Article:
The acting is sensitive and apt...Hastings brings a likeable humanity and strength to the spurned Miss Perfect...including a lengthy, sad yet funny sex scene...An enjoyable, insightful production of a taut and tender play. The Metro

...real people grappling with their own weaknesses and moral confusions. Here Steve Gunn (David) and Amy Hastings (Cathy) inhabit their roles with conviction, making it easy for the audience to connect with their dilemmas.  Gerry Colgan, The Irish Times
Smock Alley Theatre
The New Theatre
St John's Listowel
The Mill Theatre
Tech Amergin
April 2006 - Jan 2008

Axis Arts Centre
Dublin Fringe Festival 2006
Premiere of the theatrical debut of award winning poet Noel Duffy, set in New Hampshire and tracing the fallout amongst friends & family after the death of a girl by heroin overdose.

A mesmeric, atmospheric work...Amy Hastings (Lori) and Elaine Reddy (Mrs. Sutton) conjured up magnificently captivating performances...Director Jessica Curtis has assembled a stellar creative team and elicits tender and affecting performances from the cast.  Irish Theatre Magazine, September 2006 Issue



Andrews Lane Studio
May - June 2005

The existentialist classic by Jean-Paul Sartre about 2 women and a man trapped in Hell together.

It works best as a showcase for their talents...three very different parts and all of them excellent! ...Interesting and it stayed with me... there were laughs - you feel very good about life when you leave it.
The View, RTE1, 24
th May 2005
Amy Hastings as Estelle is very successful.
Alan O'Riordan, The Examiner, 24th May 2005

Sartre's polemic is leavened by Ashmawy's edgy performance and Hastings' portrayal of airy desperation.

Declan Burke, Sunday Times Culture Magazine, 22nd May 2005


Cork, Dublin
March - April 2005

The classic, controversial play by David Mamet of a power struggle between a student and her university professor.

This is full of tension and fascinating character revelation...Amy Hastings is a marvelous Carol, a complex creation whose cause comes first, mercilessly turning the knife.  Mamet's coruscating play is in good hands here.  Gerry Colgan, The Irish Times, 7th April 2005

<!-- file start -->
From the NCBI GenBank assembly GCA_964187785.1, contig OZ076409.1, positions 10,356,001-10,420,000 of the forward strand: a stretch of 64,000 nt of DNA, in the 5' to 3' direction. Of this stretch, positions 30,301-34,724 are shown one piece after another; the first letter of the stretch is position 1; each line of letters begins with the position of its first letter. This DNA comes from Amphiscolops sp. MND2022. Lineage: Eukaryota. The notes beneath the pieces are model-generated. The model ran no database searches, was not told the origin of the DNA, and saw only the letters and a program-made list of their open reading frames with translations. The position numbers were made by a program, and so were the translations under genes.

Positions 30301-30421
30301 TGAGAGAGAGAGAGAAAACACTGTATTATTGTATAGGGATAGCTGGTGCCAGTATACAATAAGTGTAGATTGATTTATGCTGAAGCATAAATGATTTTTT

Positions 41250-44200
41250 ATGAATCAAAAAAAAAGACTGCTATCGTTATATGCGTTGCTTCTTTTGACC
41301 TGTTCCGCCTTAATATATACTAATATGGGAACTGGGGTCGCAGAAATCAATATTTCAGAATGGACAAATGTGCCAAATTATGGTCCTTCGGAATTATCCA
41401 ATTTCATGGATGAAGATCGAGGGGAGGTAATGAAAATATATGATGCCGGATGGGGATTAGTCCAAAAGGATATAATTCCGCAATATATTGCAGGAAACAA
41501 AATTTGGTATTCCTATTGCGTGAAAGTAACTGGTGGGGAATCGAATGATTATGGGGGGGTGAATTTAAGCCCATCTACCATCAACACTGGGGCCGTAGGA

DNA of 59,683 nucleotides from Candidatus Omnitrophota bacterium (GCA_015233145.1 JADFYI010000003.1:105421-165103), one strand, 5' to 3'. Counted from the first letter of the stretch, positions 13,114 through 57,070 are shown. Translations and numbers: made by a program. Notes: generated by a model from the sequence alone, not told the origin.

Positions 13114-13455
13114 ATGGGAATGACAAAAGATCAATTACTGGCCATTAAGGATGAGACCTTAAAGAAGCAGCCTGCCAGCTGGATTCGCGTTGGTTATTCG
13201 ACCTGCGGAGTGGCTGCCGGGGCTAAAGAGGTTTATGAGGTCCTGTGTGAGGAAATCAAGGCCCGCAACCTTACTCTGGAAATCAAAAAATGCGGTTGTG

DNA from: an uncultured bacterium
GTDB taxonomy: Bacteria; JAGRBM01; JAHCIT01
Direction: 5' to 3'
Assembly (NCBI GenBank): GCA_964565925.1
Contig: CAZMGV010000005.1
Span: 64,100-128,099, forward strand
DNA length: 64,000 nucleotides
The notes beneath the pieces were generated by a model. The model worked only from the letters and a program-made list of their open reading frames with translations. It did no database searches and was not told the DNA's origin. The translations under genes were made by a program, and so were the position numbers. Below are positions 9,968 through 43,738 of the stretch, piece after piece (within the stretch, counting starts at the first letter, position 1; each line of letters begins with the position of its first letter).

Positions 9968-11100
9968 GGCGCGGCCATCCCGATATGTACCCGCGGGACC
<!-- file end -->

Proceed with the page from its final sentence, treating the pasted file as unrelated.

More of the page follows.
Oleanna packs a powerful punch...Amy Hastings is very good as the student, whose vulnerability draws out the professor, but whose agenda strangles him...both actors are understated and their performances have a cinematic intensity.
Liam Heylin, Cork Echo, 10th March 2005

The two actors make a determined stab at getting to the heart of their parts. Amy Hastings successfully negotiates the transition from a nervous, insecure student to a confident, articulate young woman.  Sunday Tribune, 13th March 2005

A two-hander which confronts American campus political correctness straight on, it stars beautiful Amy Hastings...This play already opened to rapturous reviews in Cork, the Irish capital of all things cultural.
Sunday Independent, 3rd April 2005
Interview plus photo to promote the Dublin opening



Irish Tour, January - February 2005

A double-bill of two satirical, physical comedies by Christian O'Reilly, presented by Tyger Theatre Company, Galway.

To have faith restored in contemporary theatre is a wonderful way to leave a play...as the curtain falls the superb directing and energetic acting all linger for a long time afterwards….done with style, wit, panache and balance...Jessica Curtis, Deborah Wiseman, Amy Hastings and Sean O’Meallaigh make up the ensemble...Combining movement and classical drama, the play also uses the pantomime method to great effect.
Breda Shannon, Irish Examiner, 3rd February 2005



Civic Theatre & Andrews Lane Theatre, Nov - Dec 04

An adaptation for stage of the movie which starred Kevin Spacey and Michelle Forbes, Swimming With Sharks centres around a rookie navigating his way through the cut-throat Hollywood industry.

The acting is strong and convincing, and Amy Hastings and Eoghan McLaughlin do well in supporting roles.
Gerry Colgan, The Irish Times, November 2004



Northcott Theatre Exeter, March 2002

This was a world premiere of a new play developed by The Royal National Theatre Studio in London and staged in Exeter, set in Dublin during the week of the moon landing in 1969.

Lin Coghlan’s challenging play offers
great scope for its actors...this world premiere is played out with raw and powerful emotion.  Anne Broom, Western Morning News, 20th March 2002
The pick of the performances were very good. Amy Hastings as Aisling’s worldly friend Maggie brought to the stage the palpable excitement of her stay in London.  Herald Express, Exeter, 19th March 2002

It is a curiously affecting play which refuses to be dismissed from the memory...Eva Bartley and Amy Hastings tenderly evoke the flowering of forbidden love in the shadow of violence.  Richard Davies, Newton Abbot & Mid Devon Advertiser, 22nd March 2002

There are some fine performances...Maggie (Amy Hastings) has already tasted a new life in England and sees it as a new dawn.
Express & Echo, Exeter, 18th March 2002